Redefining brain death will help people understand, when the person really died, even if his heart keeps beating.
As part of the World Brain Death Project, a group of doctors from different countries wrote recommendations that will help determine whether the human brain has completely and irreversibly ceased to function. This is necessary in order to determine when the patient can be disconnected from the life support system.
We die with the brain. But it is not always easy to draw the line between life and death. In a new work, doctors tried to clarify this issue.
Brain death has been a stable concept in medicine for decades. But people define it differently, says neurocritical therapist Jin Sung of the University of Southern California at Los Angeles: “We hope that reaching some sort of worldwide consensus and agreement will minimize the misunderstanding of what brain death is.”
The group of doctors included experts in the field of intensive care, neurology and neurosurgery. In the process of work, in addition to the main recommendations, 17 points appeared that relate to legal and religious aspects. “Basically, we wrote a book,” Sung says.
The minimum requirement for determining brain death is “a thorough clinical examination,” Sung emphasizes. Before the examination, doctors must make sure that the person has a neurological injury or condition that could cause brain death. Then, clinicians must find other explanations and conditions that can mimic brain death but are reversible. Cooling the body and treating heart attacks can temporarily impair brain function, the report points out. The same can be said for certain drugs, alcohol and other toxins.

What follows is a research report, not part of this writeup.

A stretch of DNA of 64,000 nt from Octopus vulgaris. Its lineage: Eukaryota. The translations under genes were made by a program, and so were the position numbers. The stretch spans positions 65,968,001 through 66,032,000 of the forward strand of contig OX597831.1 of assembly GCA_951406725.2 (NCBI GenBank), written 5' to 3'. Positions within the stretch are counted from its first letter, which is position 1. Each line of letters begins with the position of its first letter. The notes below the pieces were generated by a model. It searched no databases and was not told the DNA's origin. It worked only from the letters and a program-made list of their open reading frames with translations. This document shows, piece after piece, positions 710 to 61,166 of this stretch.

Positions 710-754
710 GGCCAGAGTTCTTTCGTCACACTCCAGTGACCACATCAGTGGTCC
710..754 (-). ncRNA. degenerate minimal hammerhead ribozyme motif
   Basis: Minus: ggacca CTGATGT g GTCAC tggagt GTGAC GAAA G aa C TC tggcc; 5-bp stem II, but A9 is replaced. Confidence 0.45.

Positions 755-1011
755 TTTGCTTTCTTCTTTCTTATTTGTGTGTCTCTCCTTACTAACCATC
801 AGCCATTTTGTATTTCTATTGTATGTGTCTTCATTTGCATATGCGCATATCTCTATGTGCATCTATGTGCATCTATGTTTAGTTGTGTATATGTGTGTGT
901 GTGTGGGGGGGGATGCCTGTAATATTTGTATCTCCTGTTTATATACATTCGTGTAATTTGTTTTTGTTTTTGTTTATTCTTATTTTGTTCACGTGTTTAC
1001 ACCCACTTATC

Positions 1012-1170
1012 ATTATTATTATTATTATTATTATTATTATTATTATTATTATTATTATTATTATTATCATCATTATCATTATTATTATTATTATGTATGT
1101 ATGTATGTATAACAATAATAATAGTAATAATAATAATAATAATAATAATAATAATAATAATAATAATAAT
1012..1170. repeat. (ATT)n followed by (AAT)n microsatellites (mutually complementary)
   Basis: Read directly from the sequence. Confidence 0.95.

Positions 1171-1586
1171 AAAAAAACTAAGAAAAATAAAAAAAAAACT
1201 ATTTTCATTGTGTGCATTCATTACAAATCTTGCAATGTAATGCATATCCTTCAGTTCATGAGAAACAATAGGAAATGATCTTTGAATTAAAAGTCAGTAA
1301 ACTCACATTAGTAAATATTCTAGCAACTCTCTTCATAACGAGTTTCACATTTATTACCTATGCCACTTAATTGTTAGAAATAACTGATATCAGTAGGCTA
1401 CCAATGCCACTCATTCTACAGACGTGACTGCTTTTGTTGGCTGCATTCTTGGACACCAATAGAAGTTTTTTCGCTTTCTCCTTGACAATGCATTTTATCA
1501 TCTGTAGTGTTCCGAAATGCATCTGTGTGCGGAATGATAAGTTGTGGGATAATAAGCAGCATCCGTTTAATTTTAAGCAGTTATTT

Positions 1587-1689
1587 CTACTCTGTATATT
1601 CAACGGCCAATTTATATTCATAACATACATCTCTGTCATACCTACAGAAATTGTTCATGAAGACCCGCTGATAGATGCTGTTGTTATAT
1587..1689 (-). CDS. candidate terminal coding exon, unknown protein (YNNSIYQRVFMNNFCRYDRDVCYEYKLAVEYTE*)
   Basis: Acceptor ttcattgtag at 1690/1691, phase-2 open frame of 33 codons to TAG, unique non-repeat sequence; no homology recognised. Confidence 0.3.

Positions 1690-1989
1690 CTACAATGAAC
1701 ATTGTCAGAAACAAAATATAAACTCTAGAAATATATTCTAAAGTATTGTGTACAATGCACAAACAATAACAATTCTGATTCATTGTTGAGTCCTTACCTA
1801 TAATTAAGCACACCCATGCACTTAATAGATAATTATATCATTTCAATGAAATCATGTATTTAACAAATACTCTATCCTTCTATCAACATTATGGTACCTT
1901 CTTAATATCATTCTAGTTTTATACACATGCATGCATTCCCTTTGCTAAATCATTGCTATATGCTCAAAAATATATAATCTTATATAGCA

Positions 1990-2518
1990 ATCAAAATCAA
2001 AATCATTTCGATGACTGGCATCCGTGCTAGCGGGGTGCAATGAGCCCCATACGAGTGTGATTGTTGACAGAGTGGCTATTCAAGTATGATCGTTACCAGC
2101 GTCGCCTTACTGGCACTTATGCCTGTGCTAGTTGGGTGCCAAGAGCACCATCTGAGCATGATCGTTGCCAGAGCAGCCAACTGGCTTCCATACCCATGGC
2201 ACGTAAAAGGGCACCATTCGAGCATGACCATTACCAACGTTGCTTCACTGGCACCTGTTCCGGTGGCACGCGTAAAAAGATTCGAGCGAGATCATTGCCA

Assessment of brain death should include a series of tests for physical responses: eye movement, pain and gagging. Doctors should also note if the person is trying to breathe on their own. In the absence of the listed signs of vital activity, a person can be considered dead. Additional tests, such as checking blood flow or electrical activity in the brain, are helpful, but their interpretation is not always easy, warn the recommendations.
Determination of brain death in adults should include one neurologic examination, and in children, two. According to pediatric neurologist Paul Graham Fisher of Stanford University, it’s high time for doctors to clarify the issue of brain death. But this is only the first step, he says: “it is not the doctors who need to get involved, too.”
According to Fisher, complex cultural, religious and even legal subtleties and peculiarities prevent the emergence of a generally accepted definition of brain death – in different countries, and even in different hospitals, today there are different rules for determining brain death.